Programming with POGIL
Clif Kussmaul, an associate professor of computer science at Muhlenberg College, remembers his first POGIL workshop with crystal clarity. He’d been searching for a way to engage students in his large introductory courses, and a colleague from the chemistry department suggested he give POGIL a try.
“For me, the a-ha moment was when I started to think about questions I could ask my students to help them understand concepts they struggle with,” says Kussmaul, who teaches introductory computer science and software engineering.
“Within 30 minutes of writing a few questions, I realized POGIL was going to make students think differently.”
From then on, he was hooked. The POGIL method gave Kussmaul a pedagogical framework for a teaching style he’d started to develop on his own — and opportunities to help teachers half-way across the world impact their students.
In 2009, Kussmaul won a Fulbright Grant to India, where he delivered POGIL workshops to newly minted computer science graduate students. He still returns regularly to present his work and train India’s growing population of educators.
“In the U.S. almost all college faculty are research experts in their discipline — even though very few of them know how to be good teachers,” he explains. “In India, the demand for education is growing so quickly that many college teachers have, at best, a bachelor’s degree.”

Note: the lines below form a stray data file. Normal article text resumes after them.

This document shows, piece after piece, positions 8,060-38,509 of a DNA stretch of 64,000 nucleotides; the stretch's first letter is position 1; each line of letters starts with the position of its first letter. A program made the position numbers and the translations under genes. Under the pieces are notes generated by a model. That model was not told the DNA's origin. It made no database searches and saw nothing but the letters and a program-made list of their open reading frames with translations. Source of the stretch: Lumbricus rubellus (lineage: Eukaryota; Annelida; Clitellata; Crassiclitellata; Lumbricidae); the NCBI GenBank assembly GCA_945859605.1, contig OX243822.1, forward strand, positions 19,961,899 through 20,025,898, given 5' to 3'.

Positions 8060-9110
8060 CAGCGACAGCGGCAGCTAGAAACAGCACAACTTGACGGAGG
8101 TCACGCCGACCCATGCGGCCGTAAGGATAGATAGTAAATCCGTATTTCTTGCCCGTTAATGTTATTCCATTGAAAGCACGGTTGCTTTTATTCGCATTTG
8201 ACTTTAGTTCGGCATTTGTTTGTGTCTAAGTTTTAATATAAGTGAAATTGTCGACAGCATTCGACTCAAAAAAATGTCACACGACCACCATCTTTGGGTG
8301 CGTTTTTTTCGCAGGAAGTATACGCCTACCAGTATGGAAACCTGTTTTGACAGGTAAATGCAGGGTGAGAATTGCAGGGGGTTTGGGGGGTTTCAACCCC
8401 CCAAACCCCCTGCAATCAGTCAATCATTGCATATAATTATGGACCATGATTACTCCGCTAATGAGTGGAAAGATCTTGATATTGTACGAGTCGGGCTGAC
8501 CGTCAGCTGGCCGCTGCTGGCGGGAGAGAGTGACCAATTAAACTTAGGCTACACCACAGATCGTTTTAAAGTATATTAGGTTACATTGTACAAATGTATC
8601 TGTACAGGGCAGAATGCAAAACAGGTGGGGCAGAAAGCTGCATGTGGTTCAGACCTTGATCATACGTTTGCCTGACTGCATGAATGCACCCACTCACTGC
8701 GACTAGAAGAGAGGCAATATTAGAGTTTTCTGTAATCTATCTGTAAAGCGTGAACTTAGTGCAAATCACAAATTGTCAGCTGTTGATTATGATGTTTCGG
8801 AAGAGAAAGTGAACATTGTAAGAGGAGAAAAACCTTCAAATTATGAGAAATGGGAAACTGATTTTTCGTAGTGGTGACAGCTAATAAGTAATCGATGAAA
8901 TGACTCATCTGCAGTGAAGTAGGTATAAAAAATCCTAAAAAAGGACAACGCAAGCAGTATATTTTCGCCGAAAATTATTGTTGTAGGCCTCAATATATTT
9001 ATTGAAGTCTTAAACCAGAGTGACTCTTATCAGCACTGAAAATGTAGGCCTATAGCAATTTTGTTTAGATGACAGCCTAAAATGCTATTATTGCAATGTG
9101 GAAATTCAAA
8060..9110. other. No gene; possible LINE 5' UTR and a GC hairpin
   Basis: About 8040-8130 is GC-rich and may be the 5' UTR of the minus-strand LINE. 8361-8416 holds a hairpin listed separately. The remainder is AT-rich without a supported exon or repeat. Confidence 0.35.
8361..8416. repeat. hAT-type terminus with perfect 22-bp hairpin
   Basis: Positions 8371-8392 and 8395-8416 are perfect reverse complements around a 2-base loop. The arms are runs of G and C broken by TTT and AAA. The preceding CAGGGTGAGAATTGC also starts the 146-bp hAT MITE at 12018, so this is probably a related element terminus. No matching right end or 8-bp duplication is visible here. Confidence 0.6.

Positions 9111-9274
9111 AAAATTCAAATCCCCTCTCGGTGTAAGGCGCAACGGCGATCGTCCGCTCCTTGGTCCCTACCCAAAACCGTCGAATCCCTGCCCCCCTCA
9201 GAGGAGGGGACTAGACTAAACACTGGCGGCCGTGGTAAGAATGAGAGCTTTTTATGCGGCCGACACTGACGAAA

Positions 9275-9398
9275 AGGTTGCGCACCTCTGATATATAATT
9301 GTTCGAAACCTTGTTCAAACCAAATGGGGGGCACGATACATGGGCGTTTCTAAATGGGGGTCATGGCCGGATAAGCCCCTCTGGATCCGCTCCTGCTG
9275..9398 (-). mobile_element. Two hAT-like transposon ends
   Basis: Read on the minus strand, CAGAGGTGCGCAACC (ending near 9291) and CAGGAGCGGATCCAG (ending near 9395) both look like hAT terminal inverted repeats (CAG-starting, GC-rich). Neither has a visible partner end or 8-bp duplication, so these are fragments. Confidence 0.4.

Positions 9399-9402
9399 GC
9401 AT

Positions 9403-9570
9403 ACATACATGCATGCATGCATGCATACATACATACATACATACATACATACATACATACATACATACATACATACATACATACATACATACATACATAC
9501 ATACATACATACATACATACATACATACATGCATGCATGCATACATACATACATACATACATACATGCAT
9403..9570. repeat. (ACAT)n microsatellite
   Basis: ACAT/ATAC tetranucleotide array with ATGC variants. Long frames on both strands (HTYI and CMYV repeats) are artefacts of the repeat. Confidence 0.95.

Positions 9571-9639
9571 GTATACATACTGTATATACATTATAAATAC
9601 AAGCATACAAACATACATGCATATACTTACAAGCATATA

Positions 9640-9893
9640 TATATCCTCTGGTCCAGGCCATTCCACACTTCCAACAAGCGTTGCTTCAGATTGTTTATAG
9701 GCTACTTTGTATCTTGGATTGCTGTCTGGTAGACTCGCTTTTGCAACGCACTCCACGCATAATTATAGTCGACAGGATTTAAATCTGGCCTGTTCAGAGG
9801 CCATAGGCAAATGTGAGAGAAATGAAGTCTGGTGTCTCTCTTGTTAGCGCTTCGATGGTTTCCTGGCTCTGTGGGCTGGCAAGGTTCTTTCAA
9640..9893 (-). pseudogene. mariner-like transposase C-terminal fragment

Together with a colleague who won a grant from the Indian government, Kussmaul used POGIL to train these new teachers in both pedagogy and the content they’d need on the job. When Kussmaul isn’t busy flying to India to give workshop presentations, he also spearheads a National Science Foundation grant designed to help students learn open-source software design using POGIL.
“Our hope is that by getting students involved in these projects, they’ll understand computer science concepts better, and they’ll also develop collaboration skills,” he says — all the real-world skills a computer science major needs to find a good job.
The itch to keep improving his teaching — and help others become better teachers, too — drives Kussmaul’s approach to writing POGIL activities. As a computer scientist, he’s interested in how systems work and how they can be categorized. He’s even started applying the way he thinks about computer science to the POGIL method itself.
“In the last year, I started trying to write pattern descriptions of elements of POGIL,” he says. “If you look at POGIL activities, you’ll see lots of examples with tables of data or graphs of data, and the kinds of questions you ask about a table or a graph are similar from one activity to another.”
Kussmaul wants to give someone who’s new to writing a POGIL activity a catalog of patterns they can draw from.
“The hope is it will be easier for people in different disciplines to talk to each other about writing,” he says. “If there are ideas in computer science that we can bring back to the larger community, that helps everyone.”